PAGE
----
Thu, 5 Nov. 2009 - 6:38 a.m. MT
Battling Heat Stroke, Changing the Playing Field
Douglas J. Casa, PhD, ATC, FACSM, FNATA
By Jeff Venables
In August of 1985, sixteen-year-old Doug Casa was completing the last lap of a 10K race on a track in Buffalo, New York, when he collapsed. He stood up immediately, ran another 150 meters, and collapsed again. Casa, who says he had felt fine and that it had actually been one of his best race performances to date, spent the next seven hours in a coma induced by heat stroke.
“That was the galvanizing moment,” says Casa, who is now the director of Athletic Training Education and a professor in the Department of Kinesiology at the University of Connecticut, where he teaches graduate-level courses with titles like “Preventing Sudden Death in Sports” and “Exertional Heat Stroke.” “For the last 24 years, my only interest has really been heat and hydration issues with athletes.”
A certified athletic trainer and fellow of the American College of Sports Medicine, Casa is well known for his recent work within the National Athletic Trainers’ Association (NATA), which authored practice guidelines for high school football to keep players safe from heat stroke. He serves as the chair of NATA’s Pronouncement Committee. Additionally, as the chair of the expert panel of the Inter-Association Task Force on Exertional Heat Illnesses, Casa oversaw the creation of that committee’s Consensus Statement.
At the Human Performance Laboratory at UConn, Casa spends a good deal of time researching and testing the latest findings of exercise science. He is a frequent presence in the medical tents of the Marine Corps, Boston, and other marathons, where the goal of keeping athletes safe is ongoing, and where new data on dehydration, heat illness, and fluid regulation never ceases to present itself.
Casa is also a rather active member of AMAA, currently serving on the board of directors and as co-chair of the planning committee for AMAA’s annual symposiums at the Marine Corps Marathon. In recent years, so much of AMAA’s focus has been on hydration issues and exertional heat illness in marathoning, and Casa frequently speaks, and sometimes brings his students to speak, in D.C. and occasionally Boston.
A Running Life
Born in Queens and raised in Selden, New York, in Long Island’s Suffolk County, Casa went from coming in nearly last in a co-ed mile race in a junior high track team tryout to building a very successful high school and college running career. “I was absolutely horrible initially. It’s easy to forget, it’s a skill to be learned, to run that hard for a certain length of time. I was used to playing sports where you run hard for, like, ten seconds.”
He went on to run track and cross-country all four years at Allegheny College in Meadville, Pennsylvania, where he majored in biology and earned All-Conference and All-Region honors in his senior year in cross-country, establishing the school record in the steeplechase. He next attended graduate school at the University of Florida, where he received his master’s in Athletic Training and met his wife, Tutita—who was also on the track team. They now have three children, ages 3, 4, and 5, and live in Storrs, Connecticut, where the UConn campus is located. Before going on to teach, Doug received his PhD in Exercise Physiology there. The rural surroundings have given Casa the opportunity to take up trail running, and he says he hasn’t run on pavement in 10 years; he ran, more or less recreationally, in the National Trail Running Championships in Bend, Oregon, on September 13.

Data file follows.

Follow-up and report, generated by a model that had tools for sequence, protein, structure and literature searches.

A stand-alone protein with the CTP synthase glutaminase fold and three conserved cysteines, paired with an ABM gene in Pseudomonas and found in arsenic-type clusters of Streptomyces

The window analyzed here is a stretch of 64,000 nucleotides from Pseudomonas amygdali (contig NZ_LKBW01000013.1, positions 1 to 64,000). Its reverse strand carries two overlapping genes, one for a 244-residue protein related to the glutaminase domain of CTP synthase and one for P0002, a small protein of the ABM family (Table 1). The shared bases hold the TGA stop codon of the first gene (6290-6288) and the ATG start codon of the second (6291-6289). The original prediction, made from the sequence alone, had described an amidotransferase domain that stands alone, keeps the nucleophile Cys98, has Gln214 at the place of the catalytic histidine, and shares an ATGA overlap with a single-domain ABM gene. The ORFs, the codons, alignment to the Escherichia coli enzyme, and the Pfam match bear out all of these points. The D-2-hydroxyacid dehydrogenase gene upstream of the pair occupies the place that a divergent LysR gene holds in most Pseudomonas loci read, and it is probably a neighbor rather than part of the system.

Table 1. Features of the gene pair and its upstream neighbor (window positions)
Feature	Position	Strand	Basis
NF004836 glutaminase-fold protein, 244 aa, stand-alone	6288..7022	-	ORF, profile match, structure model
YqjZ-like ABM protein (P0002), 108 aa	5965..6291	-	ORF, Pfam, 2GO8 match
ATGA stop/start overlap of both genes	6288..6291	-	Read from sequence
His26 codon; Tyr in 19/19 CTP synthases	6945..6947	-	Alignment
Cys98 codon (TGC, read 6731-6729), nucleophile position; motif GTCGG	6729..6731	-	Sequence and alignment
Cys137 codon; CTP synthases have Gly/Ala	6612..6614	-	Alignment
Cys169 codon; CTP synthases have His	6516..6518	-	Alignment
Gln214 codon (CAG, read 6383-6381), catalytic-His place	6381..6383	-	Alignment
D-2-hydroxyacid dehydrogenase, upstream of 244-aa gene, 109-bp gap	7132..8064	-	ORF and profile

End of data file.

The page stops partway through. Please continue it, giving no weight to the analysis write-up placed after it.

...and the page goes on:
Making Sports Safer
It’s not uncommon for heat-stroke victims to be asymptomatic, as Doug was back in 1985, with the first symptom being the actual collapse. This can make it a challenge to keep athletes safe in the heat, but Casa is passionate when he says that, with a few simple precautions, death from heat stroke is always preventable on the field of play. “You’re not always going to get a great early-warning sign, and that’s why you have to be sure at the high school and college level you always have an athletic trainer onsite to recognize it and immediately treat it. The message we’re trying to get out there is that heat stroke is a hundred percent survivable if you’re immediately cooled down,” Casa says. “We still have kids all across the country dying of heat stroke, but you can’t die if you’re immediately and aggressively cooled. You’re talking about a hundred-dollar Rubbermaid tub, ice, and water. Nobody at any level of sport can tell me they can’t afford that.”
The proper medical staff onsite is essential, because coaches are not particularly good at, and shouldn’t necessarily be expected to be good at, diagnosing heat stroke. For example, a head injury can look like collapse from heat stroke. And a dangerous acute condition called exertional sickling, which can occur in people with the sickle-cell trait when they are performing very intense exercise, was actually the leading cause of death in college football players from 2000 to 2009. This condition is not commonly known among coaching staff. Casa points out that time is a key diagnostic factor. “A collapse ten minutes into a really intense workout, that’s not heat stroke. That’s not enough time to drag someone’s temperature up to 108 degrees.”